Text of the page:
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File photo of former Nortel chief executive officer Frank Dunn leaving court in Toronto, Jan. 16/2012. (Kevin Van Paassen/The Globe and Mail)
File photo of former Nortel chief executive officer Frank Dunn leaving court in Toronto, Jan. 16/2012. (Kevin Van Paassen/The Globe and Mail)

Nortel defence rests without calling witnesses Add to ...

The long-running Nortel Networks Corp. fraud trial is nearing a close after Crown and defence lawyers said they have finished calling witnesses to testify in the case.

Defence lawyers representing three former Nortel executives said Tuesday they will call no evidence in the case.

The announcement came just moments after Crown attorney Robert Hubbard told a Toronto courtroom the Crown had no further witnesses.

The defence decision to call no witnesses was widely expected by the end of the trial.

It is relatively rare in Canada for the accused to testify in their own defence, and many other potential witnesses who worked with the accused in senior accounting and finance roles at Nortel have already testified as Crown witnesses.

Former Nortel chief executive officer Frank Dunn, former chief financial officer Douglas Beatty and former controller Michael Gollogly are each charged with two counts of fraud for allegedly manipulating the company’s accounting reserves in 2002 and 2003 to push Nortel to profitability to trigger special “return to profitability” bonuses for themselves.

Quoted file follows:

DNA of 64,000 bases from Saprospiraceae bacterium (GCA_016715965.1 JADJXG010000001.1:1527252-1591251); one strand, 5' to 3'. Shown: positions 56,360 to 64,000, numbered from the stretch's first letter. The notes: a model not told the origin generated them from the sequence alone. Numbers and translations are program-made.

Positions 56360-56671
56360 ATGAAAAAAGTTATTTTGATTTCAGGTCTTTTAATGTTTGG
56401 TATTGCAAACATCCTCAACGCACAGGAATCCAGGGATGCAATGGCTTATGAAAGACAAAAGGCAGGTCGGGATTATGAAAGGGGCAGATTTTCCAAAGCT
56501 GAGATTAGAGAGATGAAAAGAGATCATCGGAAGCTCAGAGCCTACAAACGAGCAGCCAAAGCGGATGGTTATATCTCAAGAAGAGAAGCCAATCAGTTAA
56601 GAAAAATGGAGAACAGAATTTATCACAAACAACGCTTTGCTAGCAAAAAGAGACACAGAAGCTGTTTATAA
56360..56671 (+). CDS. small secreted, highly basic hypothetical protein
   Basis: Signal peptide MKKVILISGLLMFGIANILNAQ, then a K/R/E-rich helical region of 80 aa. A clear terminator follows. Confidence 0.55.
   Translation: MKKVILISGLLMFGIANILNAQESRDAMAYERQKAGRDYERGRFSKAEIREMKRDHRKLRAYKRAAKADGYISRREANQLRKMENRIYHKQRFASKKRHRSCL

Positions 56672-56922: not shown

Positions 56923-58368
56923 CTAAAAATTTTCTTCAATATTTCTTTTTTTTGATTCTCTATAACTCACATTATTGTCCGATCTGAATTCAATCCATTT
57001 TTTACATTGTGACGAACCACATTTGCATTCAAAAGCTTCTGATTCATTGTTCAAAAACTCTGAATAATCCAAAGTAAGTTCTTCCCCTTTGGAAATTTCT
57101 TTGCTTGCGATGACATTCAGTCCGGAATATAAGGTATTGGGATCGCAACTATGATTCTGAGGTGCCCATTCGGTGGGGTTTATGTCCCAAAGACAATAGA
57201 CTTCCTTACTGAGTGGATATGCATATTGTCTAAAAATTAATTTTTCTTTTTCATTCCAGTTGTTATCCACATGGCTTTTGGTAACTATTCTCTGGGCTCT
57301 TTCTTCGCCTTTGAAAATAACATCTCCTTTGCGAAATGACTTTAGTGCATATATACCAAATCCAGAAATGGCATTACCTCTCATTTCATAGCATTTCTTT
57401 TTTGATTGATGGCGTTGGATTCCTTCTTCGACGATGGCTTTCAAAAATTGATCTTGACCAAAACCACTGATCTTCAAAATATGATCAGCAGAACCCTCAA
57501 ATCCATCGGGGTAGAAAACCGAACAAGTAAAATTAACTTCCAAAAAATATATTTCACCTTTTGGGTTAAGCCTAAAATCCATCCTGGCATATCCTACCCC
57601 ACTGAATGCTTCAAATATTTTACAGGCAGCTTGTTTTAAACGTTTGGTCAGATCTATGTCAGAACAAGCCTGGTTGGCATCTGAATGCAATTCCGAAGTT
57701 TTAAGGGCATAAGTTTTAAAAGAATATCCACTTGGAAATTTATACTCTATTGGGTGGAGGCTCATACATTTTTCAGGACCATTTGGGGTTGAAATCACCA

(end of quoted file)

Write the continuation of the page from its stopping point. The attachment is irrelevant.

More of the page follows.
Lawyers for the three men have denied all the allegations and have argued the men believed the use of accounting reserves was appropriate at the time, and the decisions were all approved by Nortel’s auditors from Deloitte & Touche.

The case now moves to closing arguments in the fall. Mr. Justice Frank Marrocco of the Ontario Superior Court has scheduled the Crown’s closing arguments for Sept. 27-28, while defence lawyers will present their closing arguments on Oct. 2-3.

The trial began in January and heard testimony from 20 witnesses over the past six months, including Nortel finance employees, board members, auditors from Deloitte & Touche, and – most unusually – lawyers for the accused. More than 2,500 documents were tendered as part of almost 600 exhibits.

The Crown case finished with a report from accounting expert Robert Chambers, which was filed with the court Monday and contained definitions and an explanation of the proper treatment of accounting reserves.

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